The Central Dogma of Biology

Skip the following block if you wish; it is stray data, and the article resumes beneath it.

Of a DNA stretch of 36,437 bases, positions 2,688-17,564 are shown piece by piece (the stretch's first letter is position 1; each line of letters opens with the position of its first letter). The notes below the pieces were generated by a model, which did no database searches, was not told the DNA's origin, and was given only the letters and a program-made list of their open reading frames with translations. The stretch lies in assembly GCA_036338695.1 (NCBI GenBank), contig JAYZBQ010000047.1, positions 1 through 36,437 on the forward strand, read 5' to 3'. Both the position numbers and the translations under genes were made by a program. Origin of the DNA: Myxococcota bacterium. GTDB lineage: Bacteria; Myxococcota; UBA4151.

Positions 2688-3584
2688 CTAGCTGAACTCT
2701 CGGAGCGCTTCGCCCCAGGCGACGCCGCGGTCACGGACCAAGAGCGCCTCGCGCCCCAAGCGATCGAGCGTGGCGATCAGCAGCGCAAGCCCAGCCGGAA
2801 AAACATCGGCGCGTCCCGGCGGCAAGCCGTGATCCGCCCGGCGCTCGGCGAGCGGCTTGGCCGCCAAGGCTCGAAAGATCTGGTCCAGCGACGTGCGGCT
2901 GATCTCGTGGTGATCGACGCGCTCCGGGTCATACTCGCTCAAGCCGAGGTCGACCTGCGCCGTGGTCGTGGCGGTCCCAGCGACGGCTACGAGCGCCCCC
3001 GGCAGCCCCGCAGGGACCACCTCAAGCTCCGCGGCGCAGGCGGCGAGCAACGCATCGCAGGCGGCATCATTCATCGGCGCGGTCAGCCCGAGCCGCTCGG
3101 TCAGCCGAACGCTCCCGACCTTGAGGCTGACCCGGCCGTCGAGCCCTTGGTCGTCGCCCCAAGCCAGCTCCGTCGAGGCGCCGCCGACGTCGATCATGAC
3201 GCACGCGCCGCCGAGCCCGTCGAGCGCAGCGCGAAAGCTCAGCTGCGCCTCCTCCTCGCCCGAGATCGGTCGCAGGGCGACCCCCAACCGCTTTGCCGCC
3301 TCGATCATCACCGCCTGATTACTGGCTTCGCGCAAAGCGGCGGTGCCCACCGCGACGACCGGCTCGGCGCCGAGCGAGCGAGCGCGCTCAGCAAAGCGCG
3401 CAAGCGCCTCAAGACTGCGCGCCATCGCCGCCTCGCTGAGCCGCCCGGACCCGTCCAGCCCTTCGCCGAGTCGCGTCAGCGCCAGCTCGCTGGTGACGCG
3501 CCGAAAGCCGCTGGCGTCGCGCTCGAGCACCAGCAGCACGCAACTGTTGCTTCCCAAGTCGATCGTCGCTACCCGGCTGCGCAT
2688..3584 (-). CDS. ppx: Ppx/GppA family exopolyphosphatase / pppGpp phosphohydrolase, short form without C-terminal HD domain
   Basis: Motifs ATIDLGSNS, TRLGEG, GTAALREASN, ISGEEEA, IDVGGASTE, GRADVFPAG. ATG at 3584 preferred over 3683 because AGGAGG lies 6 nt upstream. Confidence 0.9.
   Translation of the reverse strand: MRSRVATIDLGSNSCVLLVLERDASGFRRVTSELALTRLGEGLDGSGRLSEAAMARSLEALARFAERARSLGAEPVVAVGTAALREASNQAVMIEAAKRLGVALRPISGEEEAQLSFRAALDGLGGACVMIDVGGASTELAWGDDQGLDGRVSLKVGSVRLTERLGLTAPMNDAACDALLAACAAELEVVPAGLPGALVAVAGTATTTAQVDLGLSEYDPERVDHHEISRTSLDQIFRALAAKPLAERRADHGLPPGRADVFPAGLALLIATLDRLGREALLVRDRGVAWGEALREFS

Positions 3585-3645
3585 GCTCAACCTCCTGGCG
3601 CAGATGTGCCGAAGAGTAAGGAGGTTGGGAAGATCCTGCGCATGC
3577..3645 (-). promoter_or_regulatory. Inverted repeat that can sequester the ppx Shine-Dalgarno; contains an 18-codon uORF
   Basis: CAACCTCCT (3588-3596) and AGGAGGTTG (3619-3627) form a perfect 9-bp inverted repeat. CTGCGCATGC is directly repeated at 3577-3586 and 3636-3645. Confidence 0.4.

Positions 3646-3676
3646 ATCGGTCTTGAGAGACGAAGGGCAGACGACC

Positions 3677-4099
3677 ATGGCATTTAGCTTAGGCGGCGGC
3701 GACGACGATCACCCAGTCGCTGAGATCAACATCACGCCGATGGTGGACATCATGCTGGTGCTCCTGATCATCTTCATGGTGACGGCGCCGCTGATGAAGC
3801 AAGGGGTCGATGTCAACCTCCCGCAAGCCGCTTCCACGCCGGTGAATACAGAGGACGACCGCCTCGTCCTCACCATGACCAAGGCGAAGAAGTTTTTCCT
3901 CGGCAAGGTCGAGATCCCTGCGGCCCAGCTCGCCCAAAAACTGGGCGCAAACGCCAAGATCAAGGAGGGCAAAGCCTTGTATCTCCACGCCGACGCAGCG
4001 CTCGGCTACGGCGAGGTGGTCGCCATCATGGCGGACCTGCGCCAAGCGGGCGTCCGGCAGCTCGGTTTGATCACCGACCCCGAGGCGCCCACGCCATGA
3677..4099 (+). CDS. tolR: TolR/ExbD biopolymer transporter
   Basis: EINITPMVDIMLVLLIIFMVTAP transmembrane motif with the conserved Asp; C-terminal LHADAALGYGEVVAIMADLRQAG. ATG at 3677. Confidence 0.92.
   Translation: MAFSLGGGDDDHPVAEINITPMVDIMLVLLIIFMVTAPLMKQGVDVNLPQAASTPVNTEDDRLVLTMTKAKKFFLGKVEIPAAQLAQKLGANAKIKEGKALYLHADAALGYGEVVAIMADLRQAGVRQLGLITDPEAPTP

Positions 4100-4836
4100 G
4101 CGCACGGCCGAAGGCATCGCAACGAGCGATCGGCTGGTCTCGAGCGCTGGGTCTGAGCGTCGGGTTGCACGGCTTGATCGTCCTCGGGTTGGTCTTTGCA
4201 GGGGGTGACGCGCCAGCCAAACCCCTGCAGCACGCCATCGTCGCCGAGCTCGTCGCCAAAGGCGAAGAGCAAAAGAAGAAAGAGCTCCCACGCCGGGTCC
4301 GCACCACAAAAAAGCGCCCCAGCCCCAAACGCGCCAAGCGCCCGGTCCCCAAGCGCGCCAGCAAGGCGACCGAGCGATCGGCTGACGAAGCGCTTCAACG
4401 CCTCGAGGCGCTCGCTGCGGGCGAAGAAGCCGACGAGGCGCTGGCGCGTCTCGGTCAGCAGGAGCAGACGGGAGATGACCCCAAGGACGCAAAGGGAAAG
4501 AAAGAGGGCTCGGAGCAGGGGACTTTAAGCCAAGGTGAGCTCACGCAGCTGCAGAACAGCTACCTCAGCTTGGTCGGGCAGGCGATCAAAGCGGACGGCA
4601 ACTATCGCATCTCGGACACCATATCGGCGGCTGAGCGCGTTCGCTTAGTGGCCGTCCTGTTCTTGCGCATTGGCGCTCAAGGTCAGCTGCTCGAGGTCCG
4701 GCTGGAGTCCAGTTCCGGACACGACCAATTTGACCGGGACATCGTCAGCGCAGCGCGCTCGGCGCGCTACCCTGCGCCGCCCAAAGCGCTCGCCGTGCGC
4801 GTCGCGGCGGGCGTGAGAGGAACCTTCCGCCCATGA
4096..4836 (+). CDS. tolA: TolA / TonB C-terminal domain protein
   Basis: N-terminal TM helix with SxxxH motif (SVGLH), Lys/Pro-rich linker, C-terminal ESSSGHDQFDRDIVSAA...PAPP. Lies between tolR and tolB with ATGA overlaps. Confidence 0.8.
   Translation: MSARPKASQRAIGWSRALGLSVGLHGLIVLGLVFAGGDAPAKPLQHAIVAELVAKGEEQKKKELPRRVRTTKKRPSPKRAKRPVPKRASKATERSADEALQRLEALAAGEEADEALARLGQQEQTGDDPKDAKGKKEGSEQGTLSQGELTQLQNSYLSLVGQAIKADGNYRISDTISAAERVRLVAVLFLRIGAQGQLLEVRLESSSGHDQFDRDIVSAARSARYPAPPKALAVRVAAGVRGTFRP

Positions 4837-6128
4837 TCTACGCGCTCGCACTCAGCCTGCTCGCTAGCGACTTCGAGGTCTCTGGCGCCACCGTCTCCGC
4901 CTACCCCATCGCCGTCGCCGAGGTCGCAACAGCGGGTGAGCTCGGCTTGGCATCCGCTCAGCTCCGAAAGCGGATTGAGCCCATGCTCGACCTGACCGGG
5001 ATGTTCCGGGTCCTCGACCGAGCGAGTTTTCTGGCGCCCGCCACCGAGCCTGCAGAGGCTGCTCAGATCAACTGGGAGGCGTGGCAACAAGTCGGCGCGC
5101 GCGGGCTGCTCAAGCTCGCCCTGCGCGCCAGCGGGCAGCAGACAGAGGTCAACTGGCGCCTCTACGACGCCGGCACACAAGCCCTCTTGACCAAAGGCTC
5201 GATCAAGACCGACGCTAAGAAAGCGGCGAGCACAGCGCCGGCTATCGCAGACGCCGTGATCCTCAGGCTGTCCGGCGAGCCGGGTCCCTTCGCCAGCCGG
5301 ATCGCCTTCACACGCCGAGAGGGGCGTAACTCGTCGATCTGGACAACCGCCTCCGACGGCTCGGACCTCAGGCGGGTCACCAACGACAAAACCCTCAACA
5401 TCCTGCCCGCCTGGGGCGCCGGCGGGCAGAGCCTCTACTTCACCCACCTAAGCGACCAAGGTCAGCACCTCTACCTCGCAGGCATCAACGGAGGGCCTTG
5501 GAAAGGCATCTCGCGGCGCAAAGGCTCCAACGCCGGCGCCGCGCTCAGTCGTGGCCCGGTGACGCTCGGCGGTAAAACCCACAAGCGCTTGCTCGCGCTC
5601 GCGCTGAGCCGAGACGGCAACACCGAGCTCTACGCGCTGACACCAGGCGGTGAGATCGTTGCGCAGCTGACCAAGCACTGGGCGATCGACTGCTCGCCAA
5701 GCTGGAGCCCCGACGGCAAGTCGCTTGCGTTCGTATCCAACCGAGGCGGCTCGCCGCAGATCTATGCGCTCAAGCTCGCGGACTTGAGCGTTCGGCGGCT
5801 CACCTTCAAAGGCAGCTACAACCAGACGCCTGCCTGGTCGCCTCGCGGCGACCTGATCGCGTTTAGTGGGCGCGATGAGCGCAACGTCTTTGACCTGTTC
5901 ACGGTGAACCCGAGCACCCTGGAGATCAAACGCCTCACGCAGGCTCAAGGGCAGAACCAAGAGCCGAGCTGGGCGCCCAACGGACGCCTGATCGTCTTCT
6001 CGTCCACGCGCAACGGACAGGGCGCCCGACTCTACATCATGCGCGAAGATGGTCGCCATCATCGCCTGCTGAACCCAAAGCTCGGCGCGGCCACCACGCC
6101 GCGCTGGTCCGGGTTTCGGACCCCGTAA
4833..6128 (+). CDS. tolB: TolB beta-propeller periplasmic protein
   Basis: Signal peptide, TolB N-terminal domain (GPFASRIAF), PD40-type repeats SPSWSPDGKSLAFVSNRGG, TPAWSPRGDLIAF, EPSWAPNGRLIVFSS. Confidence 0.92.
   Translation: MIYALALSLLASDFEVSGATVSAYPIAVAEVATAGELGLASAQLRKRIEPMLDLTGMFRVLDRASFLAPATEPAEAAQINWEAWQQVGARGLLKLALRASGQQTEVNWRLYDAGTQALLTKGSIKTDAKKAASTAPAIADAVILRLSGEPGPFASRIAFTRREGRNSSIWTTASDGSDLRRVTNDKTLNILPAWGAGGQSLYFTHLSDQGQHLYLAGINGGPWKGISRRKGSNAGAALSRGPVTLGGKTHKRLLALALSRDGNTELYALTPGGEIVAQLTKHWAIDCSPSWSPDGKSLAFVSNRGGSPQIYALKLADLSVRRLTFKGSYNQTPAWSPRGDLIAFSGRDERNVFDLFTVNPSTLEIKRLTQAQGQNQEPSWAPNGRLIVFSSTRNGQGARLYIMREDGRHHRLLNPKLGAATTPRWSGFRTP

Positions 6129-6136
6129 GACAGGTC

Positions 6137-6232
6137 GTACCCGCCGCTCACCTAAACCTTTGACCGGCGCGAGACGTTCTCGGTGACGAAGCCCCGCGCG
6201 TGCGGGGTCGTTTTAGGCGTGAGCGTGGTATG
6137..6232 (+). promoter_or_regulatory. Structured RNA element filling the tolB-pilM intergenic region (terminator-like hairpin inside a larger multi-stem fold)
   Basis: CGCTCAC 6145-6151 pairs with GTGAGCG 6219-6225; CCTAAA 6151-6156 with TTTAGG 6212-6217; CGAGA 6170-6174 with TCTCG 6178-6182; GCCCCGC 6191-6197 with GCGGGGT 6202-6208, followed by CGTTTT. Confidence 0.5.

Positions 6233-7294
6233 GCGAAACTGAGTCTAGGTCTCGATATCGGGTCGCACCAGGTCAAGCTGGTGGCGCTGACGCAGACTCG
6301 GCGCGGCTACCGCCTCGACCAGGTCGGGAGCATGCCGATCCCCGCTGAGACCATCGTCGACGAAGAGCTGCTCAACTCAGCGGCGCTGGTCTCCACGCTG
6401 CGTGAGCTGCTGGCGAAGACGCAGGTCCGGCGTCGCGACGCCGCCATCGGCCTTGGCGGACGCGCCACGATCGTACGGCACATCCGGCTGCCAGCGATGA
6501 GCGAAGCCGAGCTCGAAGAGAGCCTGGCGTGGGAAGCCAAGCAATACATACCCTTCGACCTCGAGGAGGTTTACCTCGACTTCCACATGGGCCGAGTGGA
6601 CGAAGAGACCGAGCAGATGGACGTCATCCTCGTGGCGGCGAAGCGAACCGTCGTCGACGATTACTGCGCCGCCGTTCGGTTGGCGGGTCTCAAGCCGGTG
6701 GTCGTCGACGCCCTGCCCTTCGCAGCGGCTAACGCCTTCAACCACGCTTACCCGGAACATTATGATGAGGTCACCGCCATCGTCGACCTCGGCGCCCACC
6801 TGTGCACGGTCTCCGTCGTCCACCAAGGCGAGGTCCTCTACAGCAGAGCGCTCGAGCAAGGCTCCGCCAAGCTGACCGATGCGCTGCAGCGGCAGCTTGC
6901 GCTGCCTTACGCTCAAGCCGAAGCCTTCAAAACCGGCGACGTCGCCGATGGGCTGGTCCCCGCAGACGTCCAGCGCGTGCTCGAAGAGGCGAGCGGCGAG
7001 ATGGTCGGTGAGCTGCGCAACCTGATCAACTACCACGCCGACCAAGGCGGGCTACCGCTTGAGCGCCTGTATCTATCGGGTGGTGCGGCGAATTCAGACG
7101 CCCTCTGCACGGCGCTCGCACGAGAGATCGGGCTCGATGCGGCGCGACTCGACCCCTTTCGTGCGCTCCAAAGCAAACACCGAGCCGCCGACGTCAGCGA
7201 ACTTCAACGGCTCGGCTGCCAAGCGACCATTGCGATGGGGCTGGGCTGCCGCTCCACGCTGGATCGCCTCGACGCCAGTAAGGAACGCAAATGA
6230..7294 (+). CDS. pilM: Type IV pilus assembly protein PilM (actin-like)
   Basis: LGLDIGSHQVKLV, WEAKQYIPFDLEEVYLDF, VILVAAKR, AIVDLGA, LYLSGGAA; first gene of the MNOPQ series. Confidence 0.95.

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A 3D animation shows how the DNA genetic "code" leads to proteins that help us develop and function. Originally created for Learn About Spinal Muscular Atrophy ( www.learnaboutsma.org ) TRANSCRIPT: The DNA double helix contains two linear sequences of the letters ACG and T, which carry coded instructions. Transcription of DNA begins with a bundle of factors assembling at the start of a gene, to read off the information that will be needed to make a protein. The blue molecule is unzipping the double helix and copying one of the two strands. The yellow chain snaking out of the top is a close chemical cousin of DNA called RNA. The building blocks to make the RNA enter through an intake hole. They are matched to the DNA - letter by letter - to copy the gene. At this point the RNA needs to be edited before it can be translated into a protein. This editing process is called splicing, which involves removing the green non-coding regions called "introns", leaving only the yellow, protein-coding "exons." Splicing begins with assembly of factors at the intron/exon borders, which act as beacons to guide small proteins to form a splicing machine, called the spliceosome. The animation is showing this happening in real time. The spliceosome then brings the exons on either side of the intron very close together, ready to be cut. One end of the intron is cut and folded back on itself to join and form a loop. The spliceosome then cuts the RNA to release the loop and join the two exons ...

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